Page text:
Guide John Whitlatch, of Reel Adventures, started guiding in Alaska at the age of 17. He now calls Washington home, living in the Snoqualmie Valley guiding on the Skagit, Skykomish and Snohomish watersheds as well as the Columbia River and its tributaries including the Cowlitz. John was born with a tiller motor in his hand. He also guides on the Klickitat in the fall and the OP during winter months. His knowledge of salmon and steelhead is unparalleled. A day on the water with him is quite an experience, with nearly 30 years of professional guiding under his belt there's an endless list of stories that unfold. One of John's proudest moments was guiding his client and friend Joel, into a world-record catch and release chinook salmon on the mighty Kenai River.
Without a doubt, there is no place with more diversity of anadromous fish than the Olympic Peninsula. The OP is a fly fisherman's paradise from sea-run cutthroat and chinook salmon to amazing winter and spring steelhead action. The Olympic Peninsula also boasts one of the healthiest populations of wild coho in the Northwest.
Olympic National Park protects over 75 miles of Pacific Coast, 600 lakes, and 4,000 miles of rivers and streams that support some of the most extensive runs of wild steelhead, salmon, trout, and char remaining in the Pacific Northwest.
We actively guide the Olympic Peninsula and other Washington watersheds 12 months a year for anadromous fish.
Winter steelhead: November-April
Summer steelhead: June-October
Spring chinook: April-July
Summer chinook: June-August
Fall chinook: September-October
Summer coho: July-September
Fall coho: October-December
Winter/Spring: Steelhead, summer steelhead, rainbow and sea-run, cutthroat trout
Spring: Chinook salmon
Summer: Sockeye salmon, char
Summer/Fall: Coho salmon
Fall: Chinook salmon
Washington's North Coast of the Olympic Peninsula, about 3 hours from the greater Seattle area and 4 hours from Portland. Its rivers are varied, from small, boulder-strewn rivers like the Sol Duc, Calawah, and Clearwater to larger gravel bar rivers such as the Bogachiel, Hoh, Queets, and Quinault. You can fish for weeks and never float the same piece of water on the OP. Trips are up to two anglers per boat, fishing from a drift boat or fly-fishing raft. We also guide a few lakes in Olympic National Park including Lake Crescent. Most of our fishing destinations are within 15-45 minutes of Forks, WA, and a few are no more than 90 minutes away.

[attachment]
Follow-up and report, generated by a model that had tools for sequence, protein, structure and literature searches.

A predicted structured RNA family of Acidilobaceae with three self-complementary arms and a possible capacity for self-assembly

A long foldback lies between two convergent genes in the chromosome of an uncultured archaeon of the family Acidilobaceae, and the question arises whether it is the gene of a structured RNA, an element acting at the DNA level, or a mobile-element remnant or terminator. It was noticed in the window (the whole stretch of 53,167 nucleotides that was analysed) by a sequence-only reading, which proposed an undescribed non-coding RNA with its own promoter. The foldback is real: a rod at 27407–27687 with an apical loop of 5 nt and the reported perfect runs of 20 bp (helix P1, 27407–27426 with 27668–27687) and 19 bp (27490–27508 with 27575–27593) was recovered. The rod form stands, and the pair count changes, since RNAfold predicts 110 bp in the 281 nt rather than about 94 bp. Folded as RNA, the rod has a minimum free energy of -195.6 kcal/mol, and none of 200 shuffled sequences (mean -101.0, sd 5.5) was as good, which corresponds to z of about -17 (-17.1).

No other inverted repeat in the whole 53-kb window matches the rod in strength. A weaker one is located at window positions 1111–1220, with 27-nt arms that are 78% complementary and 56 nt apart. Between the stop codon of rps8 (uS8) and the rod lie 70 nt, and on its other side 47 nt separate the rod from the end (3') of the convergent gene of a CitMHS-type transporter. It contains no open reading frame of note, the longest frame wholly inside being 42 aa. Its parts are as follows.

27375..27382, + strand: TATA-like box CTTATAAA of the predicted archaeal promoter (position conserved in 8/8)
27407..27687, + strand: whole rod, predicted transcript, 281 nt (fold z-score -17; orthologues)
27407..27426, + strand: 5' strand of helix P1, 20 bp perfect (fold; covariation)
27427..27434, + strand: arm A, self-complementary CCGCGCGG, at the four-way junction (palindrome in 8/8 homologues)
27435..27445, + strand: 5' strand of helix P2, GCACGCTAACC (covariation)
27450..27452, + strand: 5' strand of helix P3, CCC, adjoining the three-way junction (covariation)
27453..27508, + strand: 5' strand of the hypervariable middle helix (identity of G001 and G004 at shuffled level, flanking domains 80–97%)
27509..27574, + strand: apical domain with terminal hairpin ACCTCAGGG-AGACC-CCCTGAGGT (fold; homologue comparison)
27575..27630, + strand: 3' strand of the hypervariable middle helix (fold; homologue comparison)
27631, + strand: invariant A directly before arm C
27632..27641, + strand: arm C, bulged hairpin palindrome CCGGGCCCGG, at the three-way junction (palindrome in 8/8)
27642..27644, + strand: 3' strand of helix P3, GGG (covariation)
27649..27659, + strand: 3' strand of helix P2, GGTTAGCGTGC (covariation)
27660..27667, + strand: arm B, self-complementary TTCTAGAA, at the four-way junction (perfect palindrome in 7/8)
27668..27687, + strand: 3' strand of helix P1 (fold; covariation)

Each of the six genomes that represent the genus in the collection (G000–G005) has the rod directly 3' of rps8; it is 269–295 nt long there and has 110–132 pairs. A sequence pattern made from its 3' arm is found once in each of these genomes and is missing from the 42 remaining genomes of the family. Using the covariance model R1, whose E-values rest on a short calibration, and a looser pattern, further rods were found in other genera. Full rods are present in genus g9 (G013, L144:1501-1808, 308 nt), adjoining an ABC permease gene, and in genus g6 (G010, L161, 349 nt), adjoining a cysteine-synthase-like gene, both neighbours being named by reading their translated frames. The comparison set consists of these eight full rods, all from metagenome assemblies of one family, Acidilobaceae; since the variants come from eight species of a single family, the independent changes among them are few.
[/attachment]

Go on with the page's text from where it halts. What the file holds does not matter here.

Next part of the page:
Additionally, we guide in Washington's Central Columbia River Gorge on the Klickitat River, primarily in September and October, between Goldendale, WA, and Hood River, OR. Trips are up to two anglers per boat, fishing from a drift boat or fly fishing raft. This is central Washington's high desert, a steep, basalt canyon gorge...much different than the rainforests of the OP.
Winter: December-February, 30's to 50's with rain/snow.
Spring: March-May, 40's to 60's with rain.
Summer: June-August, 60's to 80's, dry and beautiful.
Fall: September-November, 40's to 70's, cool mornings with fog.
Rates start from:
Single angler, $350 plus tax
Two anglers, $500 plus tax
You can find all pricing information at: www.chromechasersflyfishing.com/guided-rates.html
Float trips are 8+ hours, in and around Olympic National Park. Lunch, snacks, and non-alcoholic beverages are included. All rods, tackle and flies are provided. Feel free to bring along a favorite rod of yours and we will assist with rigging.
Summer steelhead: 9-10' 7-wt. rods for nymphing with long-belly floating line, i.e. Orvis Nymphing
Winter/spring steelhead: 9-10' 8-wt. rods for nymphing with long-belly floating line, i.e. Orvis Nymphing
Coho salmon: 9' 7-8-wt. rods with streamer line, i.e. Orvis Bankshot or Clear Tip Intermediate